I had one at 11:20 this morning, and I’m sitting here typing this, and thinking about Wide Finder 2 and the data that’s coming in, and that I’d better donate to Aquamacs because release 1.4 is looking seriously cool, and I just went out and photographed a couple of flowers. If you’re over fifty, you should get in line for one, because it’s just not that bad and it can save your life.

The bad part is not the procedure itself, it’s the day before. Doctors like a clean workspace and so you have to drink four liters of this horrid concoction which leaves your innards clean; don’t go far from the bathroom. After the purging process, the next-worst is the 24 hours’ fast. The procedure itself, with me at least the anaesthetic was very deftly administered, I became alert about halfway through, long enough to enjoy (really) watching the video screen as they explored the landscape. In fact, they gave me a screen-grab picture and by running it here I could have out-goatse’d goatse but there are bounds of good taste even for a blogger.

Oh, they inflate your intestine so they can look around, which causes a few minutes of cramps, but nature provides a way to solve that problem.

Seriously; colon cancer kills a lot of people and the best way not to die from it is to catch it early. Go get a colonoscopy if you’re in the demographic, and pester your loved ones to do the same.



Contributions

Comment feed for ongoing:Comments feed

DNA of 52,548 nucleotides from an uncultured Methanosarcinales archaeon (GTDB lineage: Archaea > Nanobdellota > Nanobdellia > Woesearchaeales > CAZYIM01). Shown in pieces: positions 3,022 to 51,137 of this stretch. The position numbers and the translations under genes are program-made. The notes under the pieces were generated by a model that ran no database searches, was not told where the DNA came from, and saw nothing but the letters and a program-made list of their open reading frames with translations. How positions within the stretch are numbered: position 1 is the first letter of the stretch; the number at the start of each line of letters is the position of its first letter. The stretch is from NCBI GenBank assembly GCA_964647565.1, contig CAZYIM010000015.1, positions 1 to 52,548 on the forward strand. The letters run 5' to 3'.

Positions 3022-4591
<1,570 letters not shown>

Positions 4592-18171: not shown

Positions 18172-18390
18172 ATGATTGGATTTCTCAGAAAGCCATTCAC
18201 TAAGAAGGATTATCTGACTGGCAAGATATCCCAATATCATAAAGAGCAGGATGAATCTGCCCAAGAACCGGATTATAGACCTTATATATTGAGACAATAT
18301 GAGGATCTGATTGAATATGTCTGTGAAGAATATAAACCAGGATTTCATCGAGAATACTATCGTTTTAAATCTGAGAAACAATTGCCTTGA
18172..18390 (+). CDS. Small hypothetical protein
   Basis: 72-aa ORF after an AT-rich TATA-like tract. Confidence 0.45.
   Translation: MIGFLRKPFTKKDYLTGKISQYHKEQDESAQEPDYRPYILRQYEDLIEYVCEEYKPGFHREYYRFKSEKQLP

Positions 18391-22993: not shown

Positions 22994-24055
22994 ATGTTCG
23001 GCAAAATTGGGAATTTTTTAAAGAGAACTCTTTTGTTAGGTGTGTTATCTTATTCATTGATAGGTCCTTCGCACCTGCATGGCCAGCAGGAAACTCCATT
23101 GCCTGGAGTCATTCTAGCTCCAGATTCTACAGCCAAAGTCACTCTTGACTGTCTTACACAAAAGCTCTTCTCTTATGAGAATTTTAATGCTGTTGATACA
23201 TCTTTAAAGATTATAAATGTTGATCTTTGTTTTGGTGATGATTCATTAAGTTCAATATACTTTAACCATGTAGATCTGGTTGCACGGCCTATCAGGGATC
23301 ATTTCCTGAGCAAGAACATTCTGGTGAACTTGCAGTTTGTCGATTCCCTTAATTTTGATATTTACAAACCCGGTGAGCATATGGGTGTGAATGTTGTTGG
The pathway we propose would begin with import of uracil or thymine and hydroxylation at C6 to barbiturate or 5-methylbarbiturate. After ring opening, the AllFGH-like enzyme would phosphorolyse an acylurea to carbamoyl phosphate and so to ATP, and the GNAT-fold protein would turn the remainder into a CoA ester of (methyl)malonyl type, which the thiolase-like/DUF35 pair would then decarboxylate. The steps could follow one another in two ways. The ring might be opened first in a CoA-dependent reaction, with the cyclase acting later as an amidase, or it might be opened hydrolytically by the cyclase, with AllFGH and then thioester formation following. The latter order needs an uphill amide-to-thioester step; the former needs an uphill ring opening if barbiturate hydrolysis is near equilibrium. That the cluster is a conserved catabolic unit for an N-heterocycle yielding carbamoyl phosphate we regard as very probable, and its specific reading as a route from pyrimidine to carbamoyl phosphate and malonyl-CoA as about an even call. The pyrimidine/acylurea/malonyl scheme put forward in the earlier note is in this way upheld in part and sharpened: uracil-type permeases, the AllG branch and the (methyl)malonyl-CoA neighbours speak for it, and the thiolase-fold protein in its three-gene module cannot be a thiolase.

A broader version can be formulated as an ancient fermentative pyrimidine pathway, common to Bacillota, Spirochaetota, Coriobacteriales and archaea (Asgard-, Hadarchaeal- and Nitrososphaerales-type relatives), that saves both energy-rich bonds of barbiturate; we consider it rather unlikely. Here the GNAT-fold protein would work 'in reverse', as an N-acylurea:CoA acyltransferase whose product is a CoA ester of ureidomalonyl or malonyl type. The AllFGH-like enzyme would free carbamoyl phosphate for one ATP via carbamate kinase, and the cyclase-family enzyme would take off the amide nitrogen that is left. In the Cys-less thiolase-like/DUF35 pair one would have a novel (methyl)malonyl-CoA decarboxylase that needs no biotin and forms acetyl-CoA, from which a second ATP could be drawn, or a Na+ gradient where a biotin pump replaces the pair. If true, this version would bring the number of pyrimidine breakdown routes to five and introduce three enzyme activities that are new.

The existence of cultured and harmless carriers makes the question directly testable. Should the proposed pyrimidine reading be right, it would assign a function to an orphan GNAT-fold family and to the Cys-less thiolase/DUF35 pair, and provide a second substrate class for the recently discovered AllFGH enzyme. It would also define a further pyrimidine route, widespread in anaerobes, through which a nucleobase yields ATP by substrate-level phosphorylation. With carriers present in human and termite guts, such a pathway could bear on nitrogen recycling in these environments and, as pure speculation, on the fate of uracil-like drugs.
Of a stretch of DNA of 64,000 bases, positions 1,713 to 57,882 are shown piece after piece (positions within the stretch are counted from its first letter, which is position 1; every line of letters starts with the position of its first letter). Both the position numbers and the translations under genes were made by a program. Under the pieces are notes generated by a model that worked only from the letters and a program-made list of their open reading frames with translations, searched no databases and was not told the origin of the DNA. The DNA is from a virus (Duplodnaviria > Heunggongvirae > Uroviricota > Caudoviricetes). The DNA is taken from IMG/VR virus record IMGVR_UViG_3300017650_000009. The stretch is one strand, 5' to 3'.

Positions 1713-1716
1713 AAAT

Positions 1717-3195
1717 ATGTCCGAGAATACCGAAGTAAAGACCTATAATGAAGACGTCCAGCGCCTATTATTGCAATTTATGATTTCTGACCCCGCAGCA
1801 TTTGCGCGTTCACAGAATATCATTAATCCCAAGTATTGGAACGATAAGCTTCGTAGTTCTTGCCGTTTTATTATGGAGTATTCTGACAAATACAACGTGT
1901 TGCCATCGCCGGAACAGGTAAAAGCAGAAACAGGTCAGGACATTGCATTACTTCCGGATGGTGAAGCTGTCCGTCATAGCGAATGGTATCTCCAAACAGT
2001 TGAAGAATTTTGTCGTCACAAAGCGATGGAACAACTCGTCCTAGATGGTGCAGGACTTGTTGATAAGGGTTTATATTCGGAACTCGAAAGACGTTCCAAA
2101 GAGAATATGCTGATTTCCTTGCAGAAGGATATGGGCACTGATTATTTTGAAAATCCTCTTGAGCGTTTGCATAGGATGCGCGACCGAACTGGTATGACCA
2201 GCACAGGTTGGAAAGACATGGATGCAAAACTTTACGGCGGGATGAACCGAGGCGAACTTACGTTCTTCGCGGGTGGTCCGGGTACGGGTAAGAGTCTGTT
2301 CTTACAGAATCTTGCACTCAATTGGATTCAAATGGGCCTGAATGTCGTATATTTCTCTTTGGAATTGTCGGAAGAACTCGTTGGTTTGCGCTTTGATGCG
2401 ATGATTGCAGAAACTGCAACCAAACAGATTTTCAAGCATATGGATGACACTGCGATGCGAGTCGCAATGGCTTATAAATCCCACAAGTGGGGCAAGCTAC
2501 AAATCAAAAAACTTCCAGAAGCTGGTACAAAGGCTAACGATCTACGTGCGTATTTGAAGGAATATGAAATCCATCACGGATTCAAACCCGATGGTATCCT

From: Gord Fynes (Jun 19 2008, at 17:08)

Wow, so delicately and tastefully put! I can never remember if it's the colonoscopy or the prostate exam that one is supposed to have done yearly, starting at age 40. I still have two years to go.

At first, I thought using a neti pot was a weird experience. I can only imagine how your morning went.

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From: BurnOut (Jun 19 2008, at 17:33)

Old age is over rated.

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From: robert (Jun 19 2008, at 17:38)

In the lower 48 (although I hear the protocol is changing) one gets full knockout. But, as my doctor said, no one should die of colon cancer. Ms. Couric's husband is a corner case: he was many years younger than screening normally sees. Do it anyway, if you're past 40.

They clip out the polyps, which is the real point of it. For those lucky enough to be clean, all the better. It's getting the polyps that matters.

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From: John Cowan (Jun 19 2008, at 18:43)

Gale and I agreed that the short-acting general anaesthesia they used on both of us (we were out for 15-20 minutes) left us more rested than we'd felt in decades.

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From: W^L+ (Jun 19 2008, at 20:08)

In the US, many people have no medical coverage. This means that one's best defense against colon or any other cancer is to hope one dies of something else first.

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From: David Smith (Jun 19 2008, at 20:14)

Getting old may be overrated, but it beats the alternative!

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From: Brett (Jun 19 2008, at 21:28)

"In the lower 48 (although I hear the protocol is changing) one gets full knockout. "

Not quite (or at least not my gastroenterologist). He uses Versed and fentanyl. Believe me, that is a goood combination. You are very relaxed and aware of everything, but you are feeling no pain.

My materal grandfather died of colon cancer and my father is a colon cancer survivor, so I am VERY motivated to get my colonoscopy. Just had my second one at age 43; found a benign polyp with that one.